A New Kind of Notebook
Cameron Kingston didn't want to stick out. Didn't want to be noticed, and especially didn't want anyone to sneak peek of the notebook that held his entire life together. But when his brothers fame reached its peak, Cameron realized what he really wanted in his life.
And it wasn't to blend in.
A Death, Not a Death.
I watched my feet as I speed walked down the hall. The tiles were uneven and I continuously stumbled over my own feet, almost losing my balance. The hallways were adjacent, not a single soul scuffling down the hall.
But that notebook was everything to me. It was my entire life, the one thing that I knew held my insanity close. I was almost to the office. And then I would be able to make it to second period, late, but of course late for class is much better than losing that notebook.
My jeans brushed over the tops of my converse, and I watched as one of the ankles caught in the tongue of the shoe. It had thrown off the pattern of the jeans, and seemed to change the rhythm of my walking. This, this losing my notebook, did the same with my day. It had caught, and now everything was thrown off.
I stumbled into the office, approaching the desk near to Mr. Kitskey's room. There was an elder lady with graying blonde hair and dark blue eyes sitting in the plushy chair, a pair of spectacles resting on her nose as she struggled to read a student note. I stood, waiting impatiently for her to finish.
She finally lifted her gaze, catching my eyes for only a moment before sighing. She set down the note.
â€œCan I help you, Mr. Kingston?â€
I nodded, quickly, wishing to get to the point. â€œMy notebook.â€ I said. â€œI left it on the bus.â€
â€œCome back at the end of the day,â€ She said dismissively, â€œAnd weâ€™ll have found it.â€
â€œYou mean you havenâ€™t yet?â€
â€œMaybe we have, Mr. Kingston, but as of now, itâ€™s the middle of second period and youâ€™re not in class.â€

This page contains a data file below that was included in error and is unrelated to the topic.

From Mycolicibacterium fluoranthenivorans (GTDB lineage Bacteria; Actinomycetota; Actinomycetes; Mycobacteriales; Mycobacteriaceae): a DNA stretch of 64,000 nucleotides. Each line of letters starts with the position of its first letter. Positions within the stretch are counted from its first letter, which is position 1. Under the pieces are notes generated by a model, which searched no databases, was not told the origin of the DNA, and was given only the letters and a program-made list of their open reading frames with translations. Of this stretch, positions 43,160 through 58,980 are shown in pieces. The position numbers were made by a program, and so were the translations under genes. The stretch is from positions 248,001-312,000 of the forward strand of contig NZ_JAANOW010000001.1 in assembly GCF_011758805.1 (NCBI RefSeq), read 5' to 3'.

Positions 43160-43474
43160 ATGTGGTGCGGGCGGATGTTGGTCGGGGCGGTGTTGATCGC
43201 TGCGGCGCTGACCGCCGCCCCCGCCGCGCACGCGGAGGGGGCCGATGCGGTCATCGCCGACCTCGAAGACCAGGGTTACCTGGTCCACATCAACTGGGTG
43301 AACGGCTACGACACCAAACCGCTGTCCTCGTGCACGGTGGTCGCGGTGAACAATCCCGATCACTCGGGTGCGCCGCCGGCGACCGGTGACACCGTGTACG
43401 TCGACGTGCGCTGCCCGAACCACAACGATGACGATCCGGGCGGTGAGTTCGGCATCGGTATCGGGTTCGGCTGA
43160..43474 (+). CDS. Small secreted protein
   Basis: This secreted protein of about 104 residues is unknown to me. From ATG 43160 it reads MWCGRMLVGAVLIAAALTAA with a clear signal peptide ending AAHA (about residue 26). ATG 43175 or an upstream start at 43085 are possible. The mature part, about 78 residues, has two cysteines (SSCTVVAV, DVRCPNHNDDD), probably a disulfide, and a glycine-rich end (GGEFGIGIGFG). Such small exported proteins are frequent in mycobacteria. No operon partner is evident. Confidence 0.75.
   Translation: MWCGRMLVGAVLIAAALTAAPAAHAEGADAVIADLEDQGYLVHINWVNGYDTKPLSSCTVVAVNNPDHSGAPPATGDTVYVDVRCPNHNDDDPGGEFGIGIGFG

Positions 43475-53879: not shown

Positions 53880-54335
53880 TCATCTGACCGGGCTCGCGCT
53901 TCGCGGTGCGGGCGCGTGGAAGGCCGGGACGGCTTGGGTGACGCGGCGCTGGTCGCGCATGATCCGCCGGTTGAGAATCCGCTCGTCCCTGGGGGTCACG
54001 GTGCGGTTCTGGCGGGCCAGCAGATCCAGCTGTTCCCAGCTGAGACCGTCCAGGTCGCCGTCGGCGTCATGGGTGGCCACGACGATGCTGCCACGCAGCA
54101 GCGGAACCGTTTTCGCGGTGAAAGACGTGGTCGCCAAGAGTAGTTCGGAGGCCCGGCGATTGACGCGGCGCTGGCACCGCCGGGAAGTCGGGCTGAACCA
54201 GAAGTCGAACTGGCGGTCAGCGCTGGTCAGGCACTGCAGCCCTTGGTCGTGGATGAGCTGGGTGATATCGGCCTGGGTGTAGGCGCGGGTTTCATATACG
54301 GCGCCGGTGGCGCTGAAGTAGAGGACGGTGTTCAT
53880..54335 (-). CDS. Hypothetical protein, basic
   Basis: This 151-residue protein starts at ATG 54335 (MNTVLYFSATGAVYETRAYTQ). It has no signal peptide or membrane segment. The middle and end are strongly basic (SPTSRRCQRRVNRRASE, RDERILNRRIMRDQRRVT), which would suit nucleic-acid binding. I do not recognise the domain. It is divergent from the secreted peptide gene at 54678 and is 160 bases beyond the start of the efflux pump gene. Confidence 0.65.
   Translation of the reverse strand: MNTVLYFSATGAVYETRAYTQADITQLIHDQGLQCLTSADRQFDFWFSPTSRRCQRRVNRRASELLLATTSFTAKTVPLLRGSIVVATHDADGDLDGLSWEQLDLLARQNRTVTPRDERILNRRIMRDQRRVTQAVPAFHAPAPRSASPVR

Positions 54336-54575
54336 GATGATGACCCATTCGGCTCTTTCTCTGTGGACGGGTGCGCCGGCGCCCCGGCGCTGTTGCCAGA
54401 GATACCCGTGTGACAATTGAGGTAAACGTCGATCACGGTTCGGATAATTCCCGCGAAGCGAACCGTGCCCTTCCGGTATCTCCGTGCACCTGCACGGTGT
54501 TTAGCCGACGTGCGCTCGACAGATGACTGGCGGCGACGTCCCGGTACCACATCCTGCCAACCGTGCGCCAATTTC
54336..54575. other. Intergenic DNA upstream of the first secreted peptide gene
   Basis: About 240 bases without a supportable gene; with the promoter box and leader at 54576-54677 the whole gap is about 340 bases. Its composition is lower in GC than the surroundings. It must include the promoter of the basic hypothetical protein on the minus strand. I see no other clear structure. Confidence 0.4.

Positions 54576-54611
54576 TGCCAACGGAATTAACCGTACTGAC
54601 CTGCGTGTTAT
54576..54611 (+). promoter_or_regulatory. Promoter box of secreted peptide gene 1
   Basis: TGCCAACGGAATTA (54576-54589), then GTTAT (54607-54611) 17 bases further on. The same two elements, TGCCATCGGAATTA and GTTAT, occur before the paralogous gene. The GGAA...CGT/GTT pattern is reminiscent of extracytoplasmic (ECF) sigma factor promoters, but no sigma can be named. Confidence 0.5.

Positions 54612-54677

I rested my thumbs inside of my jean pockets to keep from fiddling. â€œSorry, but that notebook means a lot to me.â€
â€œWell, I donâ€™t believe weâ€™ve found it yet.â€ She pulled off the glasses and used her fingers to wipe her nose, stretching her eyes and blinking. â€œCome back later.â€
â€œCan I get a pass?â€ I asked, although I knew it was a stretch. And sure enough, the woman shook her head.
â€œYou came here.â€ She said, her voice taking on an irritated tinge. â€œI didnâ€™t bring you here.â€
I nodded. â€œSorry for bothering you.â€
She didnâ€™t reply.
I turned and pushed open the door to the office, my fingers shaking. There was panic filling every pore in my brain and my eyes couldnâ€™t focus quite right. The tips of my vision were blurred with darkness.
I stumbled down the hallway, my hands clutching at the loose grey backpack that Iâ€™d been carrying on my back. I had to get to second period.
I was almost there, nearly four doors down from my afternoon math class, when I heard someone speak from behind me. I couldnâ€™t hear the words, they were blurred in the ringing of the halfway-bell that rang in the middle of a period. At first, I thought it may have been a teacher asking me why I wasnâ€™t in class. But that didnâ€™t seem quite right.
And then, a hand clamped onto my shoulder and I groaned. The grip was far too familiar, far too unsettling to be a teacher. And my suspicions were only confirmed when I looked up into the ugly face of Mitchel Jars.
Mitchel was the school bully, I suppose you could say. He was big and hefty, with rippling muscles and a huge chest. His face looked somewhat like a mutilated gorilla, but he somehow was popular with the girls around my grade. He was captain of the wrestling team, the football team, and just about every other sport at school but the girls sports. Mitchel was nearly two feet taller than me and at least three times heavier, and it wasnâ€™t abnormal for him to come at me. Although I couldnâ€™t help but wonder why he wasnâ€™t in class.